Summertime, and the FOMO’s Not Easy

Published on: 30 Jun 2017
woman smartphone summer

I’ve always dreaded holidays like the 4th of July — and this has nothing to do with the fact that I’m lacking American pride. Occasions that aren’t family-centric like Christmas or Thanksgiving generally come along with an obligation to have plans with a group of friends or significant other. As a result, we feel the need to have something special planned (because you know everyone’s going to be asking you what you’re doing for the 4th) and make what we do look epic on social media (because getting a lot of “likes” means that we’re doing something right).

It’s a lot of pressure. Hello, anxiety!

FOMO, or, fear of missing out, goes hand-in-hand with the uneasiness that can arise from the holidays or the onslaught of summer fun in general. FOMO is so real that it was recently added to the Oxford Dictionaries, and defined as, “Anxiety that an exciting or interesting event may currently be happening elsewhere, often aroused by posts seen on social media.”

There’s SO much pressure to attend events and socialize on the 4th of July…and every other weekend throughout the summer season. Naturally, this can be rough on anyone’s mental health, but the FOMO dynamic is taken to another level when mental illness comes into play, when sufferers may already feel on edge about social situations. In this case, summertime events can definitely be a trigger. It’s hard enough for someone with social anxiety or depression to face interacting with others. Add on the resentment and guilt that comes with the fear of missing out, and you’ve got yourself a dangerous, and combustible combination.

Here are a few pointers (tested by yours truly) to keep your FOMO at bay.

Everything Is Not What It Seems

Images you see online are almost always edited! At the very least, a filter will be slapped on. Someone may post a photo of themselves looking like they’re having the time of their life on a giant swan floaty in the pool, but they actually might be having a really crappy time. Social media is more about projecting the way somebody wants to be viewed than projecting the sometimes harsh reality of things. Feeds are perfectly curated to only showcase the best (or best looking) moments.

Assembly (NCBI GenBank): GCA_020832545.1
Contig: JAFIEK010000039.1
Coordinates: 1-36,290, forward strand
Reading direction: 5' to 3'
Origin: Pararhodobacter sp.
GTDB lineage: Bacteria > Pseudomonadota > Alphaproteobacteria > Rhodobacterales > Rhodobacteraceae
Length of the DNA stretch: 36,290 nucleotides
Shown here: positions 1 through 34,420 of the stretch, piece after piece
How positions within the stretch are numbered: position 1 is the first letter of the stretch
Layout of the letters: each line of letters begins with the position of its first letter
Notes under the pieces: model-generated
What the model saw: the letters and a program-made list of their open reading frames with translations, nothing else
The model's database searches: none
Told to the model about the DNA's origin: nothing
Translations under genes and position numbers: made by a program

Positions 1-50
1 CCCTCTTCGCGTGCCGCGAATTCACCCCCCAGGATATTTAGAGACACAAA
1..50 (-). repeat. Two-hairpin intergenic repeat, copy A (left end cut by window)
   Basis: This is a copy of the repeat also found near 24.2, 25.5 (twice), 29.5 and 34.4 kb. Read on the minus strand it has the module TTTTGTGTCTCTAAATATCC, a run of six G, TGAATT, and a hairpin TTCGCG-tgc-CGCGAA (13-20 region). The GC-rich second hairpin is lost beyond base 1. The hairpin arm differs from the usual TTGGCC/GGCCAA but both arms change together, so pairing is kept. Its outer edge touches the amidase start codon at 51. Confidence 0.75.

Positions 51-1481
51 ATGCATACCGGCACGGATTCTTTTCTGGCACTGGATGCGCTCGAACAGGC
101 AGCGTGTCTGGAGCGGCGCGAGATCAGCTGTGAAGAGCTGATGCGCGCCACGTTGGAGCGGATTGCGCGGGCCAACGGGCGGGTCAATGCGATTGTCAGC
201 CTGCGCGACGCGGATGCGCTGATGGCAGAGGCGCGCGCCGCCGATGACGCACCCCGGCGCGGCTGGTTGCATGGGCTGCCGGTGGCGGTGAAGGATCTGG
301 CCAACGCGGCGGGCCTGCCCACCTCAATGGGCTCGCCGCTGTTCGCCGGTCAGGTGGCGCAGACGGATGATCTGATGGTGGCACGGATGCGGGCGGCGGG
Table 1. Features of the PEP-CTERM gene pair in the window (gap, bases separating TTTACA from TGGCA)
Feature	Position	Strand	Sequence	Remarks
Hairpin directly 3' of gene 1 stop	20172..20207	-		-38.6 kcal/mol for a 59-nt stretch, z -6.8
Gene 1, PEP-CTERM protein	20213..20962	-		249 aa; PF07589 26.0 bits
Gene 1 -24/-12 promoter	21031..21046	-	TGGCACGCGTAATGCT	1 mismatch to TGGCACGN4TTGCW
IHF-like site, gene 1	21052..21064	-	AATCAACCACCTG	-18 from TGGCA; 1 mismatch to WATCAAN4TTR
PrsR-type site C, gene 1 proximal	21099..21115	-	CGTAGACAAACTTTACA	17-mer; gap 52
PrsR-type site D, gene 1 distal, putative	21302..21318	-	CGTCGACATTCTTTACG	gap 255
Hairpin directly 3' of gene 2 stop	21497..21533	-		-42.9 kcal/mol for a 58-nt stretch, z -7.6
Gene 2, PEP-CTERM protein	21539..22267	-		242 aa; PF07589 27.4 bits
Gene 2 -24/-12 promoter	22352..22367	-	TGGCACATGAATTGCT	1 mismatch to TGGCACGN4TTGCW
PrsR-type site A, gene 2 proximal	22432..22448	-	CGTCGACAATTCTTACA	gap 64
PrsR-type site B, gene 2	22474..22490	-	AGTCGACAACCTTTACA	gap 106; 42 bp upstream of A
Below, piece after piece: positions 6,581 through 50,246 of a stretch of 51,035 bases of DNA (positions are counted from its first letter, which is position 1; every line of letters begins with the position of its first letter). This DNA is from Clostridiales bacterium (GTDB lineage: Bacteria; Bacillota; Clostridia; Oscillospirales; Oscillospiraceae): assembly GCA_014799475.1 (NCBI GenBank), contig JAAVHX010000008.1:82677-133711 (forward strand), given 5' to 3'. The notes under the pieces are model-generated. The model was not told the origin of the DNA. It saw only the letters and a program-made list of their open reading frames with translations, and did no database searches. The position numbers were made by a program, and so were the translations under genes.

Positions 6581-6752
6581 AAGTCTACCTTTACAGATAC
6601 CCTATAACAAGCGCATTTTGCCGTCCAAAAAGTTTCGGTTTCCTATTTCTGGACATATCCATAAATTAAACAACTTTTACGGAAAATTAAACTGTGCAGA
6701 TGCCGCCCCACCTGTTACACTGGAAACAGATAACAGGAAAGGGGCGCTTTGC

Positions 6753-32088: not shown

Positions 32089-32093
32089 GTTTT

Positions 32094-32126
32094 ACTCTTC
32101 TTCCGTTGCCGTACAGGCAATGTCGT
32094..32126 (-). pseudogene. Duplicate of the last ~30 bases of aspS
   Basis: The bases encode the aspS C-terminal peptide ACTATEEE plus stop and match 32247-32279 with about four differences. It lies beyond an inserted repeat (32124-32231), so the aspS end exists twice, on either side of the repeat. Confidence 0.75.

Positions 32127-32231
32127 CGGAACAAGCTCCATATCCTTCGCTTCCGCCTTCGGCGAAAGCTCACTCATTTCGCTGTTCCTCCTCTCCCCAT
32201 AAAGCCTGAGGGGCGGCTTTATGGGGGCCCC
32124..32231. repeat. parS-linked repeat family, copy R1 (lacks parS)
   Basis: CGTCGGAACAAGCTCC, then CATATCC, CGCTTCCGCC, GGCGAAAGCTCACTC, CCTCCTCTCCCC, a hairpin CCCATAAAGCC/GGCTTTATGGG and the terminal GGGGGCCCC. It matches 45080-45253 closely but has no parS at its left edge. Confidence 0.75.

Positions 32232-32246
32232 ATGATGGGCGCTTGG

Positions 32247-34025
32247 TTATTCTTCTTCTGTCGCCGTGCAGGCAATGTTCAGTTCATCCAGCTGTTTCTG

Do a Social Media Detox

Stay off of social media for a few days — Facebook, Instagram, Snapchat, the whole nine yards! If you’re being hit with a flood of images of people having fun, it’s going to be way too easy to compare yourself to others. If you don’t think you’ve got the self control to keep your fingers from tapping on the app icons, don’t hesitate to delete them! They’ll take just a minute to redownload when the time come. But hey, after your detox, you might not even want them back!

Keep Yourself Busy

I’m not talking about jam-packing your schedule with parties and other social engagements. Indulge in some me-time and enjoy your hobbies, practice a skill, or watch a movie that really makes you think. Remind yourself that being alone doesn’t have to mean being lonely. An idle mind is a breeding ground for negative thoughts, so try your best to keep it occupied.

Appreciate All the Good

Rather than focus on what you might be missing out on, focus on what you do have. I know, I know. This is way easier said than done. It can be hard to change the way your brain ticks, especially if you’ve been a negative thinker for a long time. Reflect on even the littlest things that make you smile, like the way your dog greets you when you come home or how delicious that bagel you had for breakfast was. Keep a journal and every night write down three things you’re grateful for, no matter how small.

Try out some of these tips, and remember that you’re not the only one feeling the FOMO this summer. We’re all so prone to comparing our lives to to those of others, and it’s incredibly difficult to break that habit. In the meantime, focus on yourself, and while you’re at it, catch some rays. But only if you feel like it — no pressure!

Talkspace articles are written by experienced mental health-wellness contributors; they are grounded in scientific research and evidence-based practices. Articles are extensively reviewed by our team of clinical experts (therapists and psychiatrists of various specialties) to ensure content is accurate and on par with current industry standards.

Our goal at Talkspace is to provide the most up-to-date, valuable, and objective information on mental health-related topics in order to help readers make informed decisions.

Articles contain trusted third-party sources that are either directly linked to in the text or listed at the bottom to take readers directly to the source.

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